And anyone who thinks an invasion, pushed to the point of Japanese surrender, wouldn’t have been horrific for both the Japanese and the Allies, knows very little about the Japanese.

    My only quarrel with nuking Japan is with the decision to nuke actual cities. The first bomb, at least, could have been dropped somewhere uninhabited as a demonstration.

  55. R.C. Dean,

    Why was nuking Japan any worse than firebombing Japan?

  56. In retrospect, people seem to justify targeting civilians relative to how effective the strategy is considered to have achieved some desired result. Like I said, it seems to me that Japan wouldn’t have surrendered when it did had it not been for Hiroshima and Nagasaki. I think a lot of people see it that way, and people tend to justify Hiroshima and Nagasaki in that light. …I have a harder time seeing that relationship between Georgia, the Shenandoah Valley and Robert E. Lee.

    …but I tend to associate the surrender of the South with Robert E. Lee–maybe I shouldn’t. Regardless, I oppose specifically targeting civilians in the here and now even if the strategy was effective way back when.

    How did a light topic about obscure martial music that no one but Civil War nerds care about turn into a discussion on the morality of war and targeting civilians?

    When I see civilians targeted as a matter of policy, there often seems to be a lot of flag waving, religious zeal, etc. about. “The Battle Hymn of the Republic” seems an excellent example of that.

  57. Ken Shultz,

    I have a harder time seeing that relationship between Georgia, the Shenandoah Valley and Robert E. Lee.

    Georgia was important as a source of provisions, etc. The Shenandoah Valley was an extremely important locus of rail, road, etc. canal networks – which is why both sides in the war fought to main control of it.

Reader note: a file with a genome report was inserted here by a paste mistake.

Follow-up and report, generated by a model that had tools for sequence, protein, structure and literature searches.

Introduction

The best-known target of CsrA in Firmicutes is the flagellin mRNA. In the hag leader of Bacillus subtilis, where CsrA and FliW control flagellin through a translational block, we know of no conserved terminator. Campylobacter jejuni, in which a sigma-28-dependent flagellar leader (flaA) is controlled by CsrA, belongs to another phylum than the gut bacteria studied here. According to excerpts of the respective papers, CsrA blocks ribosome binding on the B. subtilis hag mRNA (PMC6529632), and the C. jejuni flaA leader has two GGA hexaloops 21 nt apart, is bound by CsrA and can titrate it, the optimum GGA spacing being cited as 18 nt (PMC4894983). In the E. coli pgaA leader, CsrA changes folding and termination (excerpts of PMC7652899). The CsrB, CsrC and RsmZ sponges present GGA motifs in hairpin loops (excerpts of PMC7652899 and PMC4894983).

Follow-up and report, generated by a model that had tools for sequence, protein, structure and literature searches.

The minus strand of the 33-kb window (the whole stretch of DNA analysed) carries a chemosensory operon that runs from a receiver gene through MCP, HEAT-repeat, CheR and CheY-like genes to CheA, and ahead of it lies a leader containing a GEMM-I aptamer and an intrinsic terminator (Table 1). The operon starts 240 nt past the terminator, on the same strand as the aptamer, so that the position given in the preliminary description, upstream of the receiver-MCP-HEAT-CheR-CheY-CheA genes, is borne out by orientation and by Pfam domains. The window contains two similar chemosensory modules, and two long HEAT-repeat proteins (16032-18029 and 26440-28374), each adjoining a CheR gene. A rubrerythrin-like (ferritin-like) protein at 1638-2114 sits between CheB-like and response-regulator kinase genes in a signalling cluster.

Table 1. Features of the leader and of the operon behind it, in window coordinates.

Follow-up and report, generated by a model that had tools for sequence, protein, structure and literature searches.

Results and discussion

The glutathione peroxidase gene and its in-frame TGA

…but I tend to associate the surrender of the South with Robert E. Lee…

    Then you’ve overly romanticized Lee’s role in the war. After all, the largest force of Confederates to surrender was not Lee’s Army of Northern Virginia, but Johnston’s army in North Carolina (in the Durham area). Honestly, your argument forgets the fact that war was a cross-continental campaign which depended not on simply defeating one army group, but the Confederacy as a whole.

  58. Ken Shultz,

    How much of the events in question have you studied?

  59. Georgia was important as a source of provisions, etc. The Shenandoah Valley was an extremely important locus of rail, road, etc. canal networks – which is why both sides in the war fought to main control of it.

    I’m not married to the idea that neither had anything to do with the North winning the war when it did. Still, I have an issue with people targeting civilians specifically. My observations have been about how people tend to justify such things retroactively. …and how, taking “The Battle Hymn of the Republic” as an example, people at the time tend to justify targeting civilians.

    I know enough about events in the Shenandoah Valley to have a distinct bias on the matter, but that isn’t really the point I’m making.

    Can’t one argue that the North would have won the war even if it hadn’t targeted civilians? …perhaps the North just wouldn’t have won when it did. Did Union treatment of Southern civilians contribute to the difficulties of reconstruction and its aftermath? …not that any of that’s the argument I’m making.

    I argued a moral point about specifically targeting civilians, and I made some observations about religion, flag waving and “The Battle Hymn of the Republic” as it pertains to atrocities. I wish I was more committed to the position that Georgia and the Shenandoah Valley had nothing to do with the victory of the North, but I’m not.

  60. Ken Shultz,

    Still, I have an issue with people targeting civilians specifically.

    Why? Indeed, why assumethat all civilians are equally innocent, etc.?

    I know enough about events in the Shenandoah Valley to have a distinct bias on the matter, but that isn’t really the point I’m making.

    Capturing the Shenandoah was vital to the cause of both sides. They didn’t fight over for nothing.

    Can’t one argue that the North would have won the war even if it hadn’t targeted civilians?